I don't know about the rest of the country, but in Massachusetts, green is the new black. The state continues to offer rebates and special deals for folks who decide to put solar paneling on their roofs to help the environment. But as I learned, it's not one-size-fits-all shopping. Here are some things to keep in mind:
Why do I want a solar roof?
Are you looking to become more environmentally conscious, or are you looking to save money? Both are great reasons to go a head and get a solar roof, but you need to keep in mind that a) not all houses can hold a solar roof, b) whether or not the solar roof will add to or detract from the value of your home if/when you sell, and c) what your current electric bill is and what it will be after the solar panels are installed.
Will my house hold a solar roof?
Solar roofs are designed to last twenty or more years, and your roof needs to be facing toward the sun in order for you to even consider having solar panels installed. A solar panel company wants to make sure that they are getting their investment back, especially if a rebate or deal is involved, so they're going to want to make sure that the roof is sturdy enough or new enough to hold the weight of the panels.
With my home, which is over 150 years old, there were several construction snafus that would have made it cost prohibitive to install panels. It wasn't until recently that construction work was standardized, so many older homes are built outside of modern standards and would need a major overhaul to make solar panels feasible. Also, a lot of older homes in my area were turned into duplex homes for renting, meaning there are two separate electric meters which will have to be put onto one meter for the solar panels.
Will a solar roof add to or detract from the value of my home?
This depends on the area that you live in and the type of home you have. Many people aren't going to like the look of solar panels on a classic Victorian home, but people generally don't mind the look so much on a home that was just built. Do you live in a more progressive area where things like recycling and bicycling are popular? Solar panels may be a great fit. Also, how long will you be staying in your home? If you plan on selling in a few years and if you live in a more conservative area, solar panels may make your home more difficult to sell. Remember — the company is looking to have these on your roof for 20+ years.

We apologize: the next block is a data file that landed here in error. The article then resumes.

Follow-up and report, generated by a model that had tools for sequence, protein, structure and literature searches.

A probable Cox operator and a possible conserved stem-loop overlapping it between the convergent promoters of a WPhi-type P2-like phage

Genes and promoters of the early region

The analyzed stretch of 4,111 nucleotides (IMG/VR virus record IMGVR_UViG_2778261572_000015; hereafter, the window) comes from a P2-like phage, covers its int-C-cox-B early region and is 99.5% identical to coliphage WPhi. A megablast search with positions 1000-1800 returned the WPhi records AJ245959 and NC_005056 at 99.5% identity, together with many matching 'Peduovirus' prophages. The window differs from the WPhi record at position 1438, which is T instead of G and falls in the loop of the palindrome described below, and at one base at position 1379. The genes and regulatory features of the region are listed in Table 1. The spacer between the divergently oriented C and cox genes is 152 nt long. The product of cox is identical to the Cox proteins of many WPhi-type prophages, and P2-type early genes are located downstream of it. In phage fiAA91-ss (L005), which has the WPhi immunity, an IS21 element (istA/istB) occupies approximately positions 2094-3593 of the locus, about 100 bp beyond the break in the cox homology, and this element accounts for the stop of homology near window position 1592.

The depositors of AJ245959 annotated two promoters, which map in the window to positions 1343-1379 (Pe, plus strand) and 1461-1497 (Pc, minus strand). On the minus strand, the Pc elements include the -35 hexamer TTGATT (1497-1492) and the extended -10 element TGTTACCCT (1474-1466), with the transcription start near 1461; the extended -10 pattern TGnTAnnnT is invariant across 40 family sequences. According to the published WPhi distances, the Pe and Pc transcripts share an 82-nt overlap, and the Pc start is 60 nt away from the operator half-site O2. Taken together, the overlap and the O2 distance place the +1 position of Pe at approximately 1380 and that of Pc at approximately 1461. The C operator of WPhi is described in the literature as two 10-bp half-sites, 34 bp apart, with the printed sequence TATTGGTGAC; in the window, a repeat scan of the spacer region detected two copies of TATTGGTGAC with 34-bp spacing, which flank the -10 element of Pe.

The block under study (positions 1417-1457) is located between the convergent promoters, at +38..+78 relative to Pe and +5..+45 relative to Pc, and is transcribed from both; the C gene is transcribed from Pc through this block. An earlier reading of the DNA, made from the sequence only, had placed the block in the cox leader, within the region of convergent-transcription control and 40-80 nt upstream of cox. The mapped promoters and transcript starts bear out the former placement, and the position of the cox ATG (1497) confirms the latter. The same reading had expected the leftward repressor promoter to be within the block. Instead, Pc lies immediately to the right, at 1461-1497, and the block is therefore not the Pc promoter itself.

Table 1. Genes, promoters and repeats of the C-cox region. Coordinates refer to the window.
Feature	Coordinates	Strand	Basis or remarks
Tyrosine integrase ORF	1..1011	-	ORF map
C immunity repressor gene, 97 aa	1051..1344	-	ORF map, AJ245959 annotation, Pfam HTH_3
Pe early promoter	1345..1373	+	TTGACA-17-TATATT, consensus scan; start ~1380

What is my electric bill now, and how much will it go down after the solar panels are installed?
Your mileage may vary, but in my case, I'd only be saving about $10 per month on my electric bill. If cost is your driving factor, here's where the age of the home comes into play. A newer home that needs little to no construction and that would look more aesthetically pleasing with solar panels may be worth the installation. If your home is older, then how many months of $10 savings are going to make up for the construction cost? If you're on a tight budget, $10 savings may be perfect. But for me, little tricks like using energy efficient bulbs and sticking all your cords on a power strip and then unplugging said power strip while not in use could probably save that $10 without the installation costs. The only things that I regularly keep plugged in are the DVR, fridge, stove, and microwave.
So, in short: if you're looking to be more environmentally friendly, you have the cash to spend, and you plan on staying in your home long-term or live in an area where a solar roof would be a boon, solar panels are something you may want to consider. If you're looking to save costs but live in an older home, you may want to consider other life hacks to save on your electric bill. Good luck, and happy hunting!